What I like most about this show, called “I am a Killer,” is that it forces you to look at the inmate as a person with a backstory. We might not get the full truth, or receive only fractions of the truth from different perspectives which might throw off any neat conclusions we might possibly gather—and let’s face it, as humans, we like having boxes and categories to put people in. I’m just suggesting, that maybe, just maybe, Truth is as multifaceted as there are brains on the planet. 

Murder is wrong. That is true. But what’s also true is we’re all just profoundly, embarrassingly, beautifully human and trying to do the best we can. Everyone has a language unique to their circumstance. It’s a miracle we ever come to an understanding about anything, if you ask me. Even if you don’t ask me, I’m going to think human dialogue is a fucking miracle until the day I die. Probably. Or maybe that’s just this chapter.


It’s raining. 

I sit in bed, candles burning, heating pad turned on, thinking about Oliver Sacks and distortions in the brain. 

It took me until approximately 5:30 pm to feel awake today. I wonder where this lethargy is coming from—do I need iron supplements? Am I anemic? Have I somehow acquired mono? I sleep 6-10 hours a night, generally. Am I not eating right? I try to eat a variety of fruits and veggies and local meats. What the heck gives?

I tried swapping my 20 ounces of black coffee for 16 ounces of black tea today. Needless to say, this did not really work for me.

So I guess I’ll go back to sipping my light roast coffee, my cold brew, my multiple cups a day. I’ve only been a student for three days, so it looks like I’m not going to be lowering my coffee tolerance any time soon.

Today in class, we read the first book of The Odyssey out loud. I was surprised by how accessible it is as a work. I was anticipating Shakespearean convolution, more rhyme, more…Beowolf-ian lineage. Some of the language was downright modern, and most characters refer to the others by addressing them as “father” or “mother”, which made keeping track of everyone’s relationship fairly straightforward. 

My teacher told me something about the text which arrested me—she said to pay attention to “the space” in the writing, what Homer leaves out and what that means. I was captivated with this idea, which we tied together to the space (rests, sustained notes, etc) in music. It gives the work breath, and gives the listener access to deeper potential than simply a timeline of events. Imagining The Odyssey being sung by a bard seems nothing short of a small miracle. A tale so long, so epic, so nuanced…almost makes me wish I’d been around in ancient Greece. 

Besides that, I think the Greeks were really on to something with how they viewed divinity. Personifying their gods and goddesses with human qualities creates a more neighborly relationship with the divine. Knowing a god could show up on your doorstep in disguise would mean one really should treat everyone as if they harbor divinity. I see you, ancient Greece. Not a bad modus operandi.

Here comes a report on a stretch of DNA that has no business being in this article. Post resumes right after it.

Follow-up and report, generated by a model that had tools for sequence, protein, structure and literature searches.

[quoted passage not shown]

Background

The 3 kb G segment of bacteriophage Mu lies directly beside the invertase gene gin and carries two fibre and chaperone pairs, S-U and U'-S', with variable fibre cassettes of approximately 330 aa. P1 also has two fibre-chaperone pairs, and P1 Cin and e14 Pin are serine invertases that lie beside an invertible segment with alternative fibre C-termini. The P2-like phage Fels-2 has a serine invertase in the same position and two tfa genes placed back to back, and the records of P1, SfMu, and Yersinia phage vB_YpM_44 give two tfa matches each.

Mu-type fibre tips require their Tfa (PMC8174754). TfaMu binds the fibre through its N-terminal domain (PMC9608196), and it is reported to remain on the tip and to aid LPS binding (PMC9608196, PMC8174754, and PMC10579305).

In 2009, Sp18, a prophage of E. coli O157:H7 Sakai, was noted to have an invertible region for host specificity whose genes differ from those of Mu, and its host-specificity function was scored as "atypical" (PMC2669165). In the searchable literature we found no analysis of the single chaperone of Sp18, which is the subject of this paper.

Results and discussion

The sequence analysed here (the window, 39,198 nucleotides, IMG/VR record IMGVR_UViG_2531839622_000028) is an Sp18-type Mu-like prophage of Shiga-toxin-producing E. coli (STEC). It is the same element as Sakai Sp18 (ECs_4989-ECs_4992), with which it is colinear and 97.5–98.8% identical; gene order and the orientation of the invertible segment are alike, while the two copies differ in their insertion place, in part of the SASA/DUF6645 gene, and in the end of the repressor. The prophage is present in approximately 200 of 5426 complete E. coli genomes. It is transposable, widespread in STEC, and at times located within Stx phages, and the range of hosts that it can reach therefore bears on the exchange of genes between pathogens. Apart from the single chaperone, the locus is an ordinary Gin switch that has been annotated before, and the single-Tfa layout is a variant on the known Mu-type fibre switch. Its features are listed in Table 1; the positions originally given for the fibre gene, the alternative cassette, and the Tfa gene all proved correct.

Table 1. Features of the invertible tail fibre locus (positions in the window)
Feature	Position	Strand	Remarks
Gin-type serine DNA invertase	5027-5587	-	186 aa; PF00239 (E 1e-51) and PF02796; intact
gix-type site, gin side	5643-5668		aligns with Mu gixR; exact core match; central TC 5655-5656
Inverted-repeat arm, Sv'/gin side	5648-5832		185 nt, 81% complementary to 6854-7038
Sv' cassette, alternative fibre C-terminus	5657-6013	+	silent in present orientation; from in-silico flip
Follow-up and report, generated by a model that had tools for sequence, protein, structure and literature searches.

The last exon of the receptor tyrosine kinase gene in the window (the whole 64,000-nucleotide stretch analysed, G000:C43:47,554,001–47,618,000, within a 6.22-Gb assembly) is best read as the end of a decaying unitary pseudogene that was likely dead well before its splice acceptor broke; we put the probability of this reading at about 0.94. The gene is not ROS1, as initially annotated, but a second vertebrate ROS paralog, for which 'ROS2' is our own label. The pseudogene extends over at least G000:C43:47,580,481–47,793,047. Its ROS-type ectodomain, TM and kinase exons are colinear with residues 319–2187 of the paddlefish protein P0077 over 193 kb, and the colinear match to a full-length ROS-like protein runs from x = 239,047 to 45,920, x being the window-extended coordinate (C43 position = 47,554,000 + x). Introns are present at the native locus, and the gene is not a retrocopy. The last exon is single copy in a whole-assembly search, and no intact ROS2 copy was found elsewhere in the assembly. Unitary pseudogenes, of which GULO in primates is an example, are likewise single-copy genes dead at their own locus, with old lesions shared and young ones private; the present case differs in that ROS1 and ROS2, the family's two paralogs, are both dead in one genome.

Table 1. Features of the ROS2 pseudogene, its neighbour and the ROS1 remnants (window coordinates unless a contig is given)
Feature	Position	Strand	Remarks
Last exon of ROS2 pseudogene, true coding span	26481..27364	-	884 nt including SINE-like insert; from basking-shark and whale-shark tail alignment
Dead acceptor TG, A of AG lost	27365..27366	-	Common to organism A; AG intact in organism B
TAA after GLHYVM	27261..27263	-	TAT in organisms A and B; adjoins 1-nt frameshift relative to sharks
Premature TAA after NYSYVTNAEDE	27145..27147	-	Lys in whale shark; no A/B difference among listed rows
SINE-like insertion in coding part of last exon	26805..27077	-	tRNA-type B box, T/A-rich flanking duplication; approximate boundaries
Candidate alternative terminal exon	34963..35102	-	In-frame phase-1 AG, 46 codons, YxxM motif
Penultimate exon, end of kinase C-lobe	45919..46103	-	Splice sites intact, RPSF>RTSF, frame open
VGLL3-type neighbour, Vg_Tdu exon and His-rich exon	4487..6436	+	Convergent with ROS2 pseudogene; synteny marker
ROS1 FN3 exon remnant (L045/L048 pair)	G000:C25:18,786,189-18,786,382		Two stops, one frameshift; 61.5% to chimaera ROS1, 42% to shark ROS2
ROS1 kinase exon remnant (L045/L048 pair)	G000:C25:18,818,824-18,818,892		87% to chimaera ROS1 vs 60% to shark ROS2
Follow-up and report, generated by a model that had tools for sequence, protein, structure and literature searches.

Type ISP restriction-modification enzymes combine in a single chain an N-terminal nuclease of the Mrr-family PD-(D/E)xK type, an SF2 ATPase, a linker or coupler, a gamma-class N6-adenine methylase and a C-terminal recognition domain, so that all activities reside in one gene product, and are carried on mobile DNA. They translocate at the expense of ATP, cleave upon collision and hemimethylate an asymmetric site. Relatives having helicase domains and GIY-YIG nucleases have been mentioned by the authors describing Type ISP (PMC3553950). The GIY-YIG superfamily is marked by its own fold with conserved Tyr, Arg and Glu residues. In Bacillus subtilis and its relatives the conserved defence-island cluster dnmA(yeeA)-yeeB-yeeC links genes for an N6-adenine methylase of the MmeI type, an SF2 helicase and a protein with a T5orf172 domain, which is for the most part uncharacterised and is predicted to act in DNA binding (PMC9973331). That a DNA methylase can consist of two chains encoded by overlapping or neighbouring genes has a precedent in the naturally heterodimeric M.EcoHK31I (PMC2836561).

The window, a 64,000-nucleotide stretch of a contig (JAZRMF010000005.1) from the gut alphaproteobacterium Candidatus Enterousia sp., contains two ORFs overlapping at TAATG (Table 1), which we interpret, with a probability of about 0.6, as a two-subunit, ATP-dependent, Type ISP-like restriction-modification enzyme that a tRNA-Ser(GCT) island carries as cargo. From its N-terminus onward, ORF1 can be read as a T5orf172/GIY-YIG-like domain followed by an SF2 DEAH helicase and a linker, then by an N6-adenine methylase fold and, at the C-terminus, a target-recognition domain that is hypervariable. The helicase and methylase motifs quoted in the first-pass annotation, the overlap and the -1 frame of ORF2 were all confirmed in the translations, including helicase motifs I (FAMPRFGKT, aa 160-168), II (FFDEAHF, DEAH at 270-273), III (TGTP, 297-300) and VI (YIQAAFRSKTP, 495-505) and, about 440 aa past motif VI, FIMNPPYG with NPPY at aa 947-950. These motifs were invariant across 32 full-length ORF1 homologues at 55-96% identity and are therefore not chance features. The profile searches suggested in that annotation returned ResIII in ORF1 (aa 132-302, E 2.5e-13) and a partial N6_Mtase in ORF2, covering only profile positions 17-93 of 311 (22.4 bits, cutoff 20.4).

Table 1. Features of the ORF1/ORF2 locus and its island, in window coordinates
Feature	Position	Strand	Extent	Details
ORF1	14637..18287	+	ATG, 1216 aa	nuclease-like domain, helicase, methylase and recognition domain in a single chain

We are entering fall—the season when the proverbial veil between light and dark, life and death, growth and withdrawal is at its thinnest. Last year around this time, I was leaving offerings to the goddess Hecate (or Hekate, depending on where you look) and praying to the goddess of crossroads. This year, I will be looking for a goddess with a closer proximity to Olympus. I hope to channel my inner Athena going into winter—lord knows weathering the dull grey December in the Pacific Northwest requires at least a little nudge from the divine.

So for tonight, I will read about entrepeneurs and so-called “change makers” who took a look around their community and strove to implement change. This is a Homerian journey in and of itself, right? Wanting to come back home to beloved Ithica amidst the throes of an angry ocean (the hero’s trials). So maybe these classes aren’t as terribly different as I previously believed. 

More thoughts on the hero’s journey to come…

Hurrian Hymns and Murder Flicks

After nearly five hours of homework, I don’t have a lot of mental stamina for a blog post tonight.

I spent the day going to class, grocery shopping, grocery organizing and unpacking, completing my assignments, and listening to Hurrian Hymn No. 6, written in 1400 B.C and dedicated to the goddess of fertility and bounty named Nikkal. 

Now I am zoning out with the boyfriend and the dog after wolfing down some leftover phò, watching a Netflix series on death row inmates. I’m an odd duck with odd pastimes, what can I say.

Serial killers have always fascinated me. I remember researching murderers at a friend’s house for a full day and being too scared to walk to the end of their driveway to my car in the dark. Many of the United States’ serial killers seem to operate in Washington. Rumor has it this is because bodies decompose so much faster in our temperate rainforest environment, making nefarious acts easier to conceal. I have oft been wandering about in the woods, seen an odd bundle of trash, and immediately assumed I was about to uncover a body. I am beyond thrilled to report this has never actually been the case.

I am falling asleep, but will write more tomorrow. I hope everyone is safe and warm and not thinking too hard about murder. 😀